Saturday, May 14, 2011

Wildflowers of Forestville

Last week I took advantage of some fairly decent weather and headed down to Forestville State Park to look for spring migrants. Unfortunately the first couple days were chilly and cloudy, so the birds weren't flying around much, but there were still plenty of other things to see including lots of blooming early spring wildflowers. Here's what I was able to photograph on Monday and Tuesday of last week. (be sure to click on any of these photos if you want to see the *larger* version!)

Bloodroot (almost to the end of their bloom season)

Virginia Spring Beauty

Trout Lily

Virginia Bluebells

White Violet

Common Blue Violet

Squirrel Corn (I call it Bleeding Heart)

Marsh Marigold

Hepatica? Blue-Eyed Grass?I can't find any flower like this with 7 petals....if anyone knows what it is, please leave me a comment so I know too. Thanks!

Swamp Buttercup

One of the Anemones (Rue? or Wood?)

Dutchman's Breeches

I'd like to dedicate this post to my Mom who used to love taking us out to the woods when we were kids to search for spring wildflowers. I remember dutifully traipsing along with Mom all those years ago, but luckily some of her enthusiasm stuck with me all those years and now I look forward to searching for spring wildflowers. Unfortunately, Mom is unable to hike over the uneven terrain anymore to enjoy these spring wildflowers. I had some prints made of these pictures and put them into a framed photo collage for her Mother's Day gift, so she can enjoy them every day of the year.


troutbirder said...

I think you covered on all spring wildflower basis with those great pics Ruthie. That male summer tanager was great too. Mine was a female a couple of years ago which required several pro birders including Hockema to confirm my wild guessing I.D. :)

Anonymous said...

Thank you Ruth for the trip to Forestville State Park. I just love the spring wild flowers,there are always so many blooming. I am so grateful for the wildflower garden on the north end of the garage, I have huge jack-in-the-pulpits all over, there are a lot more flowers but they haven't bloomed as yet cuz it has been so cool and that was the last place the snow melted. I do believe you and David planted them all for me. There is a huge fern bed there too. Remember going on an evening hike to find tree frogs and other things that creep and crawl only at nite. Those were fun days for me and I'm glad you all still like to go to the woods to look and find things.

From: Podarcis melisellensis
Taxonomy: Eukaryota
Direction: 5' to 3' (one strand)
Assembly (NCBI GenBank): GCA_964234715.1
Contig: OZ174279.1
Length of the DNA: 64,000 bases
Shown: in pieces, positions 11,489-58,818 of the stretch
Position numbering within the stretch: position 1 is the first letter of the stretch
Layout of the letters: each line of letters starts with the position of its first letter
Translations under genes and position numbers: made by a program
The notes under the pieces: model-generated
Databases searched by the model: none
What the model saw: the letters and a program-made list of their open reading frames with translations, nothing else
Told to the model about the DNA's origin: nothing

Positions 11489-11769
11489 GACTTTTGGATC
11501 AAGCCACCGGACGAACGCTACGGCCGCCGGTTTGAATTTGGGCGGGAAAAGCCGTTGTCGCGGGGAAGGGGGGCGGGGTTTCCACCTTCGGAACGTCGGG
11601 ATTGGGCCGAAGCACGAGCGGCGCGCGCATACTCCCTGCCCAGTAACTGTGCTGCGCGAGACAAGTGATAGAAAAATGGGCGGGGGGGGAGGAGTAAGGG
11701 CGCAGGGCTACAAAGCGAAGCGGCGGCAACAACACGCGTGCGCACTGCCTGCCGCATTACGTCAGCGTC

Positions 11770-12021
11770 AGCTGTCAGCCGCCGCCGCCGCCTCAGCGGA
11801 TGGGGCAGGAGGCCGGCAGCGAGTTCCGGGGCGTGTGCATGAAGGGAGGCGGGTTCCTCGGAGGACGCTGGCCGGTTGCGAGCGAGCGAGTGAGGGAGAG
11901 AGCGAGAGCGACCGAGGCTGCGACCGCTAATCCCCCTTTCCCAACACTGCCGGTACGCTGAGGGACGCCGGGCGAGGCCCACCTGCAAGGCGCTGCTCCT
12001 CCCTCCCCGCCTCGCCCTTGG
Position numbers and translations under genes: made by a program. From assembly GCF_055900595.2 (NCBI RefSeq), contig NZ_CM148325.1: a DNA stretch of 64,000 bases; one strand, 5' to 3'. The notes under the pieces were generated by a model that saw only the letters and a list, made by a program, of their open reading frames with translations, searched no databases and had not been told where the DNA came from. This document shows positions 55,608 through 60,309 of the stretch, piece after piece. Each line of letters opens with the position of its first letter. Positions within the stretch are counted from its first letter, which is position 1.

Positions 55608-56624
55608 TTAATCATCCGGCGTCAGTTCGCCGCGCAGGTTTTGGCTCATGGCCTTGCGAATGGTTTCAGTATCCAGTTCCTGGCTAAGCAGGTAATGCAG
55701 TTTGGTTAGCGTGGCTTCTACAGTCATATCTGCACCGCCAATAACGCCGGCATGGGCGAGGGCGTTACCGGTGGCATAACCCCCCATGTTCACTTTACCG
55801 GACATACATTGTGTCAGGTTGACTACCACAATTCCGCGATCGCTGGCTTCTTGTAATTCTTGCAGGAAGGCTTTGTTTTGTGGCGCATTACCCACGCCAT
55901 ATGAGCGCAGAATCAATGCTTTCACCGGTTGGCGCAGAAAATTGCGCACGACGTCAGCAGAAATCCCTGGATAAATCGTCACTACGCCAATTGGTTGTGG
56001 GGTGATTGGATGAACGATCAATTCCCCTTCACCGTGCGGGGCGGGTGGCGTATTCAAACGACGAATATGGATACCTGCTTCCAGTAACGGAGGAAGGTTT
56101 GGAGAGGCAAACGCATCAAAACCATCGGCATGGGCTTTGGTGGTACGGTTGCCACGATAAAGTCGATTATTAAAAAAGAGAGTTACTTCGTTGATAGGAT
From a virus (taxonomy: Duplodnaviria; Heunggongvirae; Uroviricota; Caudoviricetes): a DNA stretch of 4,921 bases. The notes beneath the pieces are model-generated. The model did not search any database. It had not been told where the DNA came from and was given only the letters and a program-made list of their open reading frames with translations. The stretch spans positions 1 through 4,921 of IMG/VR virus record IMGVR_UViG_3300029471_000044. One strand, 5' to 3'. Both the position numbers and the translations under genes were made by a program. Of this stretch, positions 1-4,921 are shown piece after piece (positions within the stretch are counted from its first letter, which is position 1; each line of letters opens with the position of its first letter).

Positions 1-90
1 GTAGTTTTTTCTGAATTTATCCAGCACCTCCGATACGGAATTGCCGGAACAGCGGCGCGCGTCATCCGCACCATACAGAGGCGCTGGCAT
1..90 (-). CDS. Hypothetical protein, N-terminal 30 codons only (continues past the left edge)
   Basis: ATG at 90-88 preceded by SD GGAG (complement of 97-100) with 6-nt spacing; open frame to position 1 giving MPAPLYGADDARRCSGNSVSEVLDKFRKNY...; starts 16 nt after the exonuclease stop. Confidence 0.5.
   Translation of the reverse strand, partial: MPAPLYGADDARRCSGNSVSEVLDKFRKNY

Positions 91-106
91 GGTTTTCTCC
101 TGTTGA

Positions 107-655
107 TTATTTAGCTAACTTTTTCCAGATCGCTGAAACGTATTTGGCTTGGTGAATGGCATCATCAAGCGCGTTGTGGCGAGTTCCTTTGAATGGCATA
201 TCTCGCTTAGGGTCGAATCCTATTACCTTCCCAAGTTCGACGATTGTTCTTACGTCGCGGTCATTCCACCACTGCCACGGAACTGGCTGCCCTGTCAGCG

RuthieJ said...

Thanks Ray. I'd like to get back down there this week.....there were some others getting ready to bloom that would be fun to see. Plus warmer weather would make the trip better too!

You're welcome Mom. I'm glad you enjoyed the flowers. Not quite the same as being there, but you can enjoy them from the comfort of your chair at least.

dAwN said...

Nice captures..great that you went with your Mom! :)I love photographing wildflowers they don't move unless the winds blowing them.

Irena said...

The blue flowers are definitely of a hepatica! The unfurling tri-lobed leaves are a give-away hint.

What a beautiful blog you have here! I just came across it while browsing the World-Wide-Web for some info and got stuck for hours reading it all the way through:)!

Happy blogging!

RuthieJ said...

Hi Irena,
Thanks for the confirmation on that hepatica ID.
I'm glad my blog was able to brighten up your day. Thanks for stopping by and your kinds words!